We believe in a just and transparent election where every vote counts – all members’ votes count. And such a democratic government could get elders speaking to the Taliban. We support an election if the government is representative of all the people.
Representative B: The main problem is the lack of culture – lack of religious culture and secular culture. If someone is well-cultured they do not kill people. Westerners could have invested in improving our culture but they did not. If someone has religious or secular culture they can solve their problems through logic. Before I did my studies I was a hardliner. But as I started to learn about different perspectives and points of view I understood the real meaning of religion. We need religion and culture. Religion alone may not be able to solve our problems. A terrorist is a hardliner who does not use logic or thinking to solve differences.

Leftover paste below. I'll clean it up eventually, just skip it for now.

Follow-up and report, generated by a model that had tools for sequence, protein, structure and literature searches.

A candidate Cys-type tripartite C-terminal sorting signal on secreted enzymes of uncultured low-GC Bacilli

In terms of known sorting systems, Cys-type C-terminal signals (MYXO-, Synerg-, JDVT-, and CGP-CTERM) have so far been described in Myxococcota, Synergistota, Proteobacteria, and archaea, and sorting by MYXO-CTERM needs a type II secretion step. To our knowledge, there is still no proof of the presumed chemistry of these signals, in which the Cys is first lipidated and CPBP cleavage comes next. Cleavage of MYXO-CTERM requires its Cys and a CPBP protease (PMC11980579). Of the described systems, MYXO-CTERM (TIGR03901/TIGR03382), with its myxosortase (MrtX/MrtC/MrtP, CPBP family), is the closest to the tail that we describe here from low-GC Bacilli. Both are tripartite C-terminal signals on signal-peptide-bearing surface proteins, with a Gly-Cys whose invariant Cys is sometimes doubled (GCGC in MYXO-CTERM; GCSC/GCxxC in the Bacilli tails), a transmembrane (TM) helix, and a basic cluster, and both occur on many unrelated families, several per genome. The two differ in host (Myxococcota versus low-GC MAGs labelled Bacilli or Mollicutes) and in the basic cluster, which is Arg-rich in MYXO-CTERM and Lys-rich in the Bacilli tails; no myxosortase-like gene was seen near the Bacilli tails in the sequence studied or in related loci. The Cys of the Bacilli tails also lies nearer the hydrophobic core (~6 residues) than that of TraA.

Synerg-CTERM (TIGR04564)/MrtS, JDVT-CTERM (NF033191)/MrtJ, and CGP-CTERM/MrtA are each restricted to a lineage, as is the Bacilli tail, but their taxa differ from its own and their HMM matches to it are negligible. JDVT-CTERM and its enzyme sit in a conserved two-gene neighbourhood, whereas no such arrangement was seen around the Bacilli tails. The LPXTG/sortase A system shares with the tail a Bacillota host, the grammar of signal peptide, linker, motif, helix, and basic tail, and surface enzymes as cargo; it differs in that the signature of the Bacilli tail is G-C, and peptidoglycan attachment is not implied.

Before, our people were not represented, we didn’t have a ‘listening ear’. But then we connected with [this initiative towards talks] and we were able to express our lack of representation. This was a way that we could start to represent our community.
Implications of early talks and a possible agreement between the government and the Taliban caucuses
Representative B: Assuming that an agreement happens, we would reduce the threat level towards the Afghan government – eg towards police and the National Directorate of Security, etc – in [the six north and north- eastern provinces in which we have influence]. This is a real process. We will be able to deliver real results, we are not faking them. We wouldn’t have bothered to come here if we couldn’t deliver.